Annual Award

2014 CCPH Award Recipient

Food Dignity

Read the press release announcing the award!

Reviewers had the challenging task of recommending a 2014 award recipient from many qualified applications. This year's recipient is Food Dignity, a community-campus partnership involving five comTop producing gardener Paul Thomas, ever-vigilant, tackles some weeds at his plot in the Cornell community gardenmunity partners, three academic institutions and one “action-think” tank (listed below). The purpose of the partnership is to learn how the people in the five communities strive to build sustainable community food systems to reduce food insecurity. Food Dignity's adherence to the principles of partnership and its use of community-based participatory research (CBPR) were singled out as hallmarks. Reviewers were impressed with the partnership's "ability to assess intervention in multiple diverse settings and combine a CBPR approach with real service in the community" and overwhelmingly praised the partners' honesty and self-reflection in describing their challenges and how they dealt with them. One reviewer remarked on how thoughtfully the Food Dignity partnership was initiated with “capacity building and mutual respect and commitment to mutual process and reflection,” concluding that “this is an outstanding model of collaborative partnership work!”  

Women of Food DignityThe Food Dignity community partners all struggle with historical trauma and severe deprivation associated with poverty and exclusion from the mainstream economic system, including access to fresh, healthy food. Project funding provides a community food system organizing support package to each community over five years to use as it determines best to address the problem of food insecurity. The academic partners provide support for the communities and provide capacity for documenting progress and accomplishments. The partnership has evolved out of a deep commitment to community-driven process. Over the first three years of the work,significant struggles in community-campus relationships have emerged and demanded the attention of all partners. With substantial hard work and intention to identify, name and address these challenges of differential power and privilege, the partnership has produced important learning—in both understanding how to build a sustainable community food system and in building and maintaining healthy, productive relationships between community and academic partners. None of this work has been easy. Yet with passion, persistence and commitment the partnership continues to evolve and grow. The partnership documents these lessons and shares the lessons in a variety of professional and community venues.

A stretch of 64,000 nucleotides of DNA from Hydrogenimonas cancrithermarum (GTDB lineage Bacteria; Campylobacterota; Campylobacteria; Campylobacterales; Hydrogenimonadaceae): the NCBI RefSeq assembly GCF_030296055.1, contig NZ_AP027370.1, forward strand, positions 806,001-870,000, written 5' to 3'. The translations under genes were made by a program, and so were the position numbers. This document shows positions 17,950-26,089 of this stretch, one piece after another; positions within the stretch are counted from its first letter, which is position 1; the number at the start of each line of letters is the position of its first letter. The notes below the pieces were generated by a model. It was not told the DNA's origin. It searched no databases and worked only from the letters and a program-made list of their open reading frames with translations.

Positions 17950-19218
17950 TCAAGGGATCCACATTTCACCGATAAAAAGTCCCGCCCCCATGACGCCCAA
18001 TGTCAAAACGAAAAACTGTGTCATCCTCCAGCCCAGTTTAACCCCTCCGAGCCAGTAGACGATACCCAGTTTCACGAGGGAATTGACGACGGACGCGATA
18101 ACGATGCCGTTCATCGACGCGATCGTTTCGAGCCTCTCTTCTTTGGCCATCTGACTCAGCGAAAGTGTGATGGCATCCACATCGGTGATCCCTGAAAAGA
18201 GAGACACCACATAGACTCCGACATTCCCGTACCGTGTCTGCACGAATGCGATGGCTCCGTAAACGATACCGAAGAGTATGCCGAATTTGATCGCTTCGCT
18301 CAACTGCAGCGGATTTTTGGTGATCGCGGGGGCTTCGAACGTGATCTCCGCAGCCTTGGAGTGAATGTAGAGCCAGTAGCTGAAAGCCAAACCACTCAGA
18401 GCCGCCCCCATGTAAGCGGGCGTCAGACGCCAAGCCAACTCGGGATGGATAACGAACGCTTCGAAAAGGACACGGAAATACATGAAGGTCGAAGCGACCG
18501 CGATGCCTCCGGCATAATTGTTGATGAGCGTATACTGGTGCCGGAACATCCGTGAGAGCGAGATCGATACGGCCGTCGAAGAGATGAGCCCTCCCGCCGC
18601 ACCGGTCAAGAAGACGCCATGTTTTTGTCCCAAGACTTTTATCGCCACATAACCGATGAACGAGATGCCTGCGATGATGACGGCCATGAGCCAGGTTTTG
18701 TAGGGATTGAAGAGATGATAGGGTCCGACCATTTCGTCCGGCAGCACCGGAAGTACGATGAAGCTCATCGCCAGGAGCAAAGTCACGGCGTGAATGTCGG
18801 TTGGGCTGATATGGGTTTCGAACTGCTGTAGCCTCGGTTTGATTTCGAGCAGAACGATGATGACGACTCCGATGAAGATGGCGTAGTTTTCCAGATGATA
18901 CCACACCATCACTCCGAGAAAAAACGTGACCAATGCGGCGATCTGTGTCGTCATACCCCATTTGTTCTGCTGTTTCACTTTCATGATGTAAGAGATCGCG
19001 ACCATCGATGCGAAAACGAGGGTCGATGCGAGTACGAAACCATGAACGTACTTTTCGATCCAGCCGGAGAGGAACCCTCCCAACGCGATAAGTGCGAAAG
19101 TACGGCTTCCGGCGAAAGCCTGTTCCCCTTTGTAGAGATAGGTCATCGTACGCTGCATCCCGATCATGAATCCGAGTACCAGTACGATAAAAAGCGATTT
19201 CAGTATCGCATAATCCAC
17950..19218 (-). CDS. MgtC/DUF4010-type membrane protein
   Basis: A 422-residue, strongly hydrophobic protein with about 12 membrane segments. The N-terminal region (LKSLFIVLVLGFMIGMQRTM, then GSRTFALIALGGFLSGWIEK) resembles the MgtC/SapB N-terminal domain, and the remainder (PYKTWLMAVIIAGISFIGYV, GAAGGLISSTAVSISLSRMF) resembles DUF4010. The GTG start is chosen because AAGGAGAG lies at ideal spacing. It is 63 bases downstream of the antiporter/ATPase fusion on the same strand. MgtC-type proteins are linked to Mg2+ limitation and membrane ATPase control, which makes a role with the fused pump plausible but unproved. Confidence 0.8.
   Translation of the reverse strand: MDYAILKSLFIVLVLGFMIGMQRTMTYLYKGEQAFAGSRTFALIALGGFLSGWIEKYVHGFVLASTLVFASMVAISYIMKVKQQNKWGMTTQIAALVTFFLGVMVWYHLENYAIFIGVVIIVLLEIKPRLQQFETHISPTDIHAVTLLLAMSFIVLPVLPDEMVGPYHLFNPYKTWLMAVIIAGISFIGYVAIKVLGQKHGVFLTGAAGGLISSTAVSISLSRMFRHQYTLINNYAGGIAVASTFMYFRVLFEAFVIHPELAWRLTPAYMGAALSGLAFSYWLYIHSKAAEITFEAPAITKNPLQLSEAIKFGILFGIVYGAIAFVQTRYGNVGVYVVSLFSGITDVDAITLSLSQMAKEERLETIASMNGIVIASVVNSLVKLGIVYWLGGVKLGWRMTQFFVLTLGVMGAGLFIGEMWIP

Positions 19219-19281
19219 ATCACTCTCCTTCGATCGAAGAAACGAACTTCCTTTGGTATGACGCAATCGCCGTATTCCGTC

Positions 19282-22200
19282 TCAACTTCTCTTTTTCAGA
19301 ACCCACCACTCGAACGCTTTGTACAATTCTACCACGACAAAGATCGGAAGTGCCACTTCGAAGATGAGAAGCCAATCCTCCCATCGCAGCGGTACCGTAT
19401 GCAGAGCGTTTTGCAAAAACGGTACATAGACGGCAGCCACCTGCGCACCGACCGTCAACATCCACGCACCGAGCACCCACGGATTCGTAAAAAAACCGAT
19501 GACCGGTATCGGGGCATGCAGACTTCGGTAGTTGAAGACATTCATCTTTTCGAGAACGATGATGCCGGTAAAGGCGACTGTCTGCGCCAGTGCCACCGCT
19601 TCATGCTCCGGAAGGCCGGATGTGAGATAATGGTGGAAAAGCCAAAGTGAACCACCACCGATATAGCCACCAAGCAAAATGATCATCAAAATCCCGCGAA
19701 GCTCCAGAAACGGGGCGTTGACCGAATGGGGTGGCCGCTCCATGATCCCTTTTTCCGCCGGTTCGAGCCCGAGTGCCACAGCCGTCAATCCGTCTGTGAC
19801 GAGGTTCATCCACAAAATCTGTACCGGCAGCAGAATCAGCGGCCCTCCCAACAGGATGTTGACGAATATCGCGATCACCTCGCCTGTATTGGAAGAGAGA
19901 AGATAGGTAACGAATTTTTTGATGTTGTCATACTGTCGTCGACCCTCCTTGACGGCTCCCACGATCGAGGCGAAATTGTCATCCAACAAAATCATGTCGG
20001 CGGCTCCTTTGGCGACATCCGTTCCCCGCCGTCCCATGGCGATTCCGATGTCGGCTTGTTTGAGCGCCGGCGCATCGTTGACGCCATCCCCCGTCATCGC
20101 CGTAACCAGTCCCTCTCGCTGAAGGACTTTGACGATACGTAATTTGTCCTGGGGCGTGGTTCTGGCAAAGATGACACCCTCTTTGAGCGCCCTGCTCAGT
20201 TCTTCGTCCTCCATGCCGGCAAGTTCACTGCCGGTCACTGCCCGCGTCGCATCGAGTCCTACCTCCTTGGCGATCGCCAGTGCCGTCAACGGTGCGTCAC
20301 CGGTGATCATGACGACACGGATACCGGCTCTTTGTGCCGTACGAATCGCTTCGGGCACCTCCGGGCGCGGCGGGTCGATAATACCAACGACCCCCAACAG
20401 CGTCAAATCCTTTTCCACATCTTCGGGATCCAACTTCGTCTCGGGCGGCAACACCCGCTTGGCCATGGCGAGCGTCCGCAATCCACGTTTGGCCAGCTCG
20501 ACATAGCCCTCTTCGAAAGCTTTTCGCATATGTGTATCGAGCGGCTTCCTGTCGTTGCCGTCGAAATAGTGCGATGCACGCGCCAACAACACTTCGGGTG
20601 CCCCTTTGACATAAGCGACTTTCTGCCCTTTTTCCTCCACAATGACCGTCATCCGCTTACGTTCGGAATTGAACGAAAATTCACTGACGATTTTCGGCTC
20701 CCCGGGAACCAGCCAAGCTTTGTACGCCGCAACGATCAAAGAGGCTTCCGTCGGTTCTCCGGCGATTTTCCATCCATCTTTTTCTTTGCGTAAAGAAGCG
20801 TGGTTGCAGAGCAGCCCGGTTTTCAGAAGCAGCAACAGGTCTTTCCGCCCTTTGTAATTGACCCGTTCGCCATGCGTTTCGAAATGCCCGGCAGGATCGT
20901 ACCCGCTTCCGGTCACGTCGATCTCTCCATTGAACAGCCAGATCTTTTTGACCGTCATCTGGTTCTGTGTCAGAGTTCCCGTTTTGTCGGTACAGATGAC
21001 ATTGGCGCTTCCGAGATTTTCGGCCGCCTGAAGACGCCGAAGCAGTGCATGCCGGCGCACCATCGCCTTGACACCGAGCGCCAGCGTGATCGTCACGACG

Food Dignity team touring D-Town Farms in DetroitEast New York Farms!, Brooklyn, NY - David Vigil, Director and Daryl Marshall, Community Organizer
Whole Community Project, Ithaca, NY - Jemila Sequiera, Director
Feeding Laramie Valley, Laramie, WY - Gayle Woodsum, Founder & Director
Blue Mountain Associates, Wind River Reservation, WY - Virginia Sutter, Founder & Director
Dig Deep Farms & Produce, unincorporated San Leandro, CA - Marty Neideffer, Co-founder and Director
Cornell University, Ithaca, NY - Scott Peters, Lead Investigator at Cornell
Ithaca College, Ithaca, NY - Amy Frith, Julia Lapp and Alicia Swords, Lead Investigators at IC 
Center for Popular Research, Education and Policy, Oakland, CA - Hank Herrera, President & CEO
University of Wyoming, Laramie, WY - Christine Porter, Division of Kinesiology and Health, Food Dignity Project Director and Principal Investigator

For more information, read Food Dignity's application, view its website or contact:

Christine Porter
Assistant Professor of Public Health
University of Wyoming
Laramie, WY 
Phone: (307) 766-2143